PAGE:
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More than half of new gTLD apps have comments

Kevin Murphy, August 14, 2012, Domain Registries

Over half of ICANN’s 1,930 new generic top-level domain applications have received comments, two days after the original deadline for having them considered expired.

There are 6,176 comments right now, according to the ICANN web site, and the DI PRO database tells me that they’ve been filed against 1,043 distinct applications covering 649 unique strings.

It looks like .sex is in the lead, with 275 comments — I’m guessing all negative — followed by its ICM Registry stablemates .porn (245) and .adult (254), due to the Morality in Media campaign.

The controversial dot-brand bid for .patagonia, which matches a region of Latin America, has been objected to 205 times.

Some that you might expect to have created more controversy — such as .gay (86) and .islam (21) — are so far not generating as many comments as you might expect.

Donuts has received the most comments out of the portfolio applicants, as you might expect with its 307 applications, with 685 to date.

Famous Four Media’s applications have attracted 416 and Top Level Domain Holdings 399.

Despite applying for .sexy, Uniregistry has a relatively modest 64 comments. That’s largely due to it managing to avoid being whacked by as many duplicate trademark-related comments as its rivals.

There have been 1,385 unique commenters (trusting everybody is being forthright about their identity) with as many as 486 affiliations (including “self” and variants thereof).

Congressmen say new gTLDs need more comments

Kevin Murphy, August 8, 2012, Domain Policy

Senior members of the US Congress have asked ICANN to prove that it’s giving the internet community enough opportunity to comment on its 1,930 new gTLD applications.

A letter from the chairs and ranking members of the House and Senate judiciary committees sent to ICANN yesterday basically implies rather heavily that, again, ICANN’s new gTLD program outreach sucks.

Sens. Leahy and Grassley, and Reps. Smith and Conyers write:

many members of the public outside the ICANN community are unaware that the New gTLD program is underway. Of those who are aware, few know about the public comment process or comprehend that their opportunity to participate in this forum is scheduled to end in less than a week.

Probably not coincidentally, the letter comes soon after requests for more time to comment from the Association of National Advertisers and the Intellectual Property Constituency.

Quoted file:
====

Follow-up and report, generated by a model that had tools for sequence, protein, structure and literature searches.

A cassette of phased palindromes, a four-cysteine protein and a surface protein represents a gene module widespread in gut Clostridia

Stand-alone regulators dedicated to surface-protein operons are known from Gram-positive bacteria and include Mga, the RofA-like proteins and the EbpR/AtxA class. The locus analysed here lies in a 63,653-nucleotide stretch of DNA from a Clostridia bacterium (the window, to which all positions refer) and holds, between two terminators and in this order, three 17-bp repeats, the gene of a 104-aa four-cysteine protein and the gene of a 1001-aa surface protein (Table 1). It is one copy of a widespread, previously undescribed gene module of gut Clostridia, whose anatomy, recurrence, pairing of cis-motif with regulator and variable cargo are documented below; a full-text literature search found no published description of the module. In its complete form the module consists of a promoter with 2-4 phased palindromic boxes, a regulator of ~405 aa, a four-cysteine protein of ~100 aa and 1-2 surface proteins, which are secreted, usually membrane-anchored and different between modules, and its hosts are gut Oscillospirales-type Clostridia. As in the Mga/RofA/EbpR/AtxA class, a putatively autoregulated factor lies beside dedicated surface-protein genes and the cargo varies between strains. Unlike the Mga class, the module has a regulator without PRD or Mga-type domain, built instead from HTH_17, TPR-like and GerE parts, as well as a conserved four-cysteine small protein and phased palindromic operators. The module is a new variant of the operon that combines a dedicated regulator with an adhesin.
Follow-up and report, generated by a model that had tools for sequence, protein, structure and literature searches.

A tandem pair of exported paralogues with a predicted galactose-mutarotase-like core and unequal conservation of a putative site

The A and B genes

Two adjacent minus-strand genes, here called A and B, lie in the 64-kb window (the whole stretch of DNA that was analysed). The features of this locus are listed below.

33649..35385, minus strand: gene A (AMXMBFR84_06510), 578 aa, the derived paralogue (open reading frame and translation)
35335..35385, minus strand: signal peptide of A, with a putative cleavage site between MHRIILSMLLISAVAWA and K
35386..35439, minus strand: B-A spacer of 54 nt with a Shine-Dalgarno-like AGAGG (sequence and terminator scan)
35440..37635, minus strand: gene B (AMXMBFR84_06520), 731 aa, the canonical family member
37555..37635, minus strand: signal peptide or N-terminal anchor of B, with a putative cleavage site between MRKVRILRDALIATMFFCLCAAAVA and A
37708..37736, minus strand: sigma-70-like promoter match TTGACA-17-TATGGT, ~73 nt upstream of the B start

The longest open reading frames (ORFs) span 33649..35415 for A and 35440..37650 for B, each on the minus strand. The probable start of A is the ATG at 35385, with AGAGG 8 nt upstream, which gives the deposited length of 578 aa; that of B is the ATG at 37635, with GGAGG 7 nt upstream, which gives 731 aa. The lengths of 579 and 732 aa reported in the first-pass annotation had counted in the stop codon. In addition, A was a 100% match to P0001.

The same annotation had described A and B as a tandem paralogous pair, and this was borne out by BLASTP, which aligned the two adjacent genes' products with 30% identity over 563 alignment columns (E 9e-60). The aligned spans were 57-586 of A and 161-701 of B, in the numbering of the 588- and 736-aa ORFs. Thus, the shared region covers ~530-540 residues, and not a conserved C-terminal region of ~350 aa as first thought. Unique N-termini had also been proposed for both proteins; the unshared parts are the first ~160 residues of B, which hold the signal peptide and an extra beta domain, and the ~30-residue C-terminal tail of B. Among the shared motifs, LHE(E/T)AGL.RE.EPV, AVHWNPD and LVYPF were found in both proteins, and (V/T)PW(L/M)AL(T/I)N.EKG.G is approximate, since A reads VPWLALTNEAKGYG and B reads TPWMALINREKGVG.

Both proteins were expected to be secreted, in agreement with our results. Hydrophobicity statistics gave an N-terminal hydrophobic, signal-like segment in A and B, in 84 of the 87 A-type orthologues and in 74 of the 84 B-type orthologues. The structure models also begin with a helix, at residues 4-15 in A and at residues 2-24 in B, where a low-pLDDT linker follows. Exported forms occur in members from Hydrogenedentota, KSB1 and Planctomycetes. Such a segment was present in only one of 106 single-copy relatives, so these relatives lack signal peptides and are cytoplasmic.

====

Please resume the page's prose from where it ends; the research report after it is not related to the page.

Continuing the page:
The IPC wants another 30-45 days added to the comment period, which is currently set to close — at least for comments that will be forwarded to evaluators — this Sunday.

The Leahy letter highlights the need for comment on “potentially sensitive names like ‘.church’, ‘.kids’, and ‘.sucks'”, which should be a cause for concern for at least seven gTLD applicants.

Given who’s pulling the strings here, it’s not surprising that the letter also highlights the demands from IP interests for stronger rights protection mechanisms, such as a permanent Trademark Clearinghouse service.

They write:

ICANN’s current policy only requires the Clearinghouse to be available for the first 60 days after a registry launches. Moreover, the Clearinghouse will only give notice when someone registers a website that is identical to a trademark; not when the website contains the trademark in a varied form.

As an example, this means that a nonprofit such as the YMCA will receive notice only if a user registers a website such as www.yrnca.give or www.ymca.charity within the first 60 days of the “.give” or” .charity” registry. The YMCA would not receive notice if a person registers those names after 60 days, or if someone registers a closely related name such as www.ymcaDC.charity.

(To which I add, as an aside: and what if Intel wants to register www.buymcafee.shop?)

I think the Congressmen/ANA/IPC have a point, anyway, at least about the lack of commenting from people outside the tightly knit ICANN community.

A lot of data was released on Reveal Day, and much more has been released since.

There are 1,930 new gTLD applications.

The public portions weigh in at almost 400 MB in HTML format and generally run to between 15,000 and 50,000 words apiece.

The 20,000 published application attachments (which MD5 hashing reveals comprise close to 3,000 unique files) are currently taking up about 6 GB of space on the DI PRO server (where subscribers can cross-reference them to see which files show up in which applications).

It’s a lot to read.

That must be at least part of the reason there hasn’t been a single community-based objection comment about Google’s single-registrant .blog application yet.

For me, that’s the benchmark as to whether anyone in the real world is paying attention to this program.

I mean, seriously: no bloggers are concerned about Google using .blog as an exclusive promo tool for its third-rate blogging platform?

What’s worrying the Congressmen is that ICANN’s expensive Independent Objector is not allowed to object to an application unless there’s been at least one negative comment about it

The IO can file community-based objections on behalf of those who cannot afford to do it themselves, but it’s not at all clear yet what the cut-off date for the IO to discover these comments is.

Hopefully, when ICANN reveals its proposed evaluation timetable this week, some of these questions will be answered.